House Bill 2368 enacts the National Motto in the Classroom Act. It requires each local education agency to display “In God We Trust” in a prominent location within Tennessee’s schools.

“In God We Trust” has served as the official motto of the United States since 1956. It first appeared on the two-cent penny in 1864 and on paper currency in 1957.

During his recent State of the Union Address in front of Congress, President Donald Trump reminded the nation’s lawmakers and all citizens that the foundation of American life is faith and family, not government and bureaucracy. President Trump also emphasized to the congressional and national audience that our country’s motto has been and still remains “In God We Trust.”

“I applaud the president’s decision to remind all of us about the importance of faith and God in our everyday lives,” said Representative Lynn. “The National Motto in the Classroom Act is an opportunity for me to help future generations of our students better understand the importance of faith in the narrative of our great state and nation.”

For additional information about House Bill 2368, please click here.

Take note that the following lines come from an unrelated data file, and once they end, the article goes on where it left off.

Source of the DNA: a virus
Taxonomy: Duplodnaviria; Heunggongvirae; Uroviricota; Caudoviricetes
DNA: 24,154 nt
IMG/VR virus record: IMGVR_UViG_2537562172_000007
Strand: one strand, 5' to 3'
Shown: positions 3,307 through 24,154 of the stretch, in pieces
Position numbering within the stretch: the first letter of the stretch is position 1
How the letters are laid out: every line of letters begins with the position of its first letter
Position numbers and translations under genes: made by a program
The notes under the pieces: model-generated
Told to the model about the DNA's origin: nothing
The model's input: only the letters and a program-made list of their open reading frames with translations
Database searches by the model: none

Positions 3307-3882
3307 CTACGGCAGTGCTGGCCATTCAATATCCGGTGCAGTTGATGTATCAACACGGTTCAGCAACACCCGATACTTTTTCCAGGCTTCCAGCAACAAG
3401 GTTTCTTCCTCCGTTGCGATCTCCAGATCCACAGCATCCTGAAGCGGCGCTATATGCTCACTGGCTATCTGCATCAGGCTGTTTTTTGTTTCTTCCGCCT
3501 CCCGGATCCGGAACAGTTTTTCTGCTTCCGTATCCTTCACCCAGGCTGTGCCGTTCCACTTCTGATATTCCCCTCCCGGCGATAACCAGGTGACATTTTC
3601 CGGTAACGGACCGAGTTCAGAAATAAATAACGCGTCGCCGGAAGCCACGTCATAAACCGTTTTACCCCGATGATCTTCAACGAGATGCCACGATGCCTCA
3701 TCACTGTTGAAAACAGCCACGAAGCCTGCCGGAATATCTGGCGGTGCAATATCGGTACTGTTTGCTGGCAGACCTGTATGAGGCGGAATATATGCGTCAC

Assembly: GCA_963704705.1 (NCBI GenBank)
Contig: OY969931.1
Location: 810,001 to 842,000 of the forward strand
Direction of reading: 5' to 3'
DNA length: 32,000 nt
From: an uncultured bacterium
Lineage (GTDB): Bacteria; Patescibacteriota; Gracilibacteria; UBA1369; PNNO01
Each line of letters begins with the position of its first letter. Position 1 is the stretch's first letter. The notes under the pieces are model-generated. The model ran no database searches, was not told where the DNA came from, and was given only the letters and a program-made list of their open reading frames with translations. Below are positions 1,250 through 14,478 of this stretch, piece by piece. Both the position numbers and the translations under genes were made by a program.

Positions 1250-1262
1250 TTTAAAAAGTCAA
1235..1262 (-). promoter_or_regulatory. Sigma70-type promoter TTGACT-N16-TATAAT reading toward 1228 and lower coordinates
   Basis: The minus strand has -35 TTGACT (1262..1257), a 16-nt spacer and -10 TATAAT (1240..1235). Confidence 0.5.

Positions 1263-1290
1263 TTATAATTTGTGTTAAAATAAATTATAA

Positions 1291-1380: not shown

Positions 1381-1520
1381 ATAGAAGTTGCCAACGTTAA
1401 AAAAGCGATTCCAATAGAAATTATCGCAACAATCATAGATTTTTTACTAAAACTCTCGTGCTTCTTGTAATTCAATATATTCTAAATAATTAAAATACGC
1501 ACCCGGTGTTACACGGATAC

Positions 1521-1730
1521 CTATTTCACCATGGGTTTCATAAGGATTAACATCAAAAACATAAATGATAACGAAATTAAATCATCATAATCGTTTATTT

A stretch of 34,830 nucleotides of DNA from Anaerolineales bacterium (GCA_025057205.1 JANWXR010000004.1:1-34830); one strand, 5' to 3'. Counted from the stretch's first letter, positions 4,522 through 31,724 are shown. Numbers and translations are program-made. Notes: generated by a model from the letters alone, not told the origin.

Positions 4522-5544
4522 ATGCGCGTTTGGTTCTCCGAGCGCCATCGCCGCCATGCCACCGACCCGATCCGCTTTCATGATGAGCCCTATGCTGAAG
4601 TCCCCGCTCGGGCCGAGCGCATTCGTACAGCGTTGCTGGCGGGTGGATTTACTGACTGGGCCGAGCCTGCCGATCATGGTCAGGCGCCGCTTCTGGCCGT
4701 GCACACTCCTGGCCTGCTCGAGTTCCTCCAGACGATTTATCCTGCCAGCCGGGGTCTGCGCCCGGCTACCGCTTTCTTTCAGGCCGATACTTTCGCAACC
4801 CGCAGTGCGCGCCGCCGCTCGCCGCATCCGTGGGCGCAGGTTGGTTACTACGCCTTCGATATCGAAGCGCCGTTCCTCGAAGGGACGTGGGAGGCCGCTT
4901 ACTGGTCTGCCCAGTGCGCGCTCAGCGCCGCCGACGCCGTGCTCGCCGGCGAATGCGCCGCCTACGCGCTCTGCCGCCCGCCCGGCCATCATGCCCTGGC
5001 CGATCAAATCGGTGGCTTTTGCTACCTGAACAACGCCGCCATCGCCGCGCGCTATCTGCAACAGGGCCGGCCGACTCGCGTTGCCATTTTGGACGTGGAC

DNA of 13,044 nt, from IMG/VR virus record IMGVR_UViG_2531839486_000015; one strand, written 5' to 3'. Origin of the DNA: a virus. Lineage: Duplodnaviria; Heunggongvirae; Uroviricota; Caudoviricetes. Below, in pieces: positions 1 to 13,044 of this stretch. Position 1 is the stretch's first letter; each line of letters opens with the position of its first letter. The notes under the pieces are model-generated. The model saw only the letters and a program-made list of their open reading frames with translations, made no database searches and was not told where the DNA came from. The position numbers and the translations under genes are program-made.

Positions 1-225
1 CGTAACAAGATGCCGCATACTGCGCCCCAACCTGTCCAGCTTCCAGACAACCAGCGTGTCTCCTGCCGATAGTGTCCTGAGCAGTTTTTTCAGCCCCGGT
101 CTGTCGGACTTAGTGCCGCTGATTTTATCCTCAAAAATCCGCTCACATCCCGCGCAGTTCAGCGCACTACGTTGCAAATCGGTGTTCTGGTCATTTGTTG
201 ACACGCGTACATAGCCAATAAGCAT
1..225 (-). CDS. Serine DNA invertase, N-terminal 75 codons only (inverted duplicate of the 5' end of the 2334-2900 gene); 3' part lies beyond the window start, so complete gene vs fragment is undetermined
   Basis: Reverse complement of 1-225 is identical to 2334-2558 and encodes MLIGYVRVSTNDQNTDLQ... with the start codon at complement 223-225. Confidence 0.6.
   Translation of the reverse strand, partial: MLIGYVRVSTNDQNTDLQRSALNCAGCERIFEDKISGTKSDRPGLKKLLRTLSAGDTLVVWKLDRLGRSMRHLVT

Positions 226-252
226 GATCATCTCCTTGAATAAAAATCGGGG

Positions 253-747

Susan Lynn serves as the Chairman of the House Consumer & Human Resources Subcommittee. Lynn is also a member of the House Consumer & Human Resources, House Finance Ways & Means and House Ethics Committee, as well as the Joint Fiscal Review Committee. She lives in Mount Juliet and represents House District 57, which includes Wilson County. Lynn can be reached by email at Rep.Susan.Lynn@capitol.tn.gov or by calling (615) 741-7462.


It is a privilege to serve you in the TN General Assembly. Please let me know if you have any questions or if I can be of any assistance to you.

State Representative Susan Lynn

425 5th Avenue North
Suite 648 Cordell Hull Bldg.
Nashville, TN 37243
Phone: (615) 741-7462
Fax: (615) 741-0353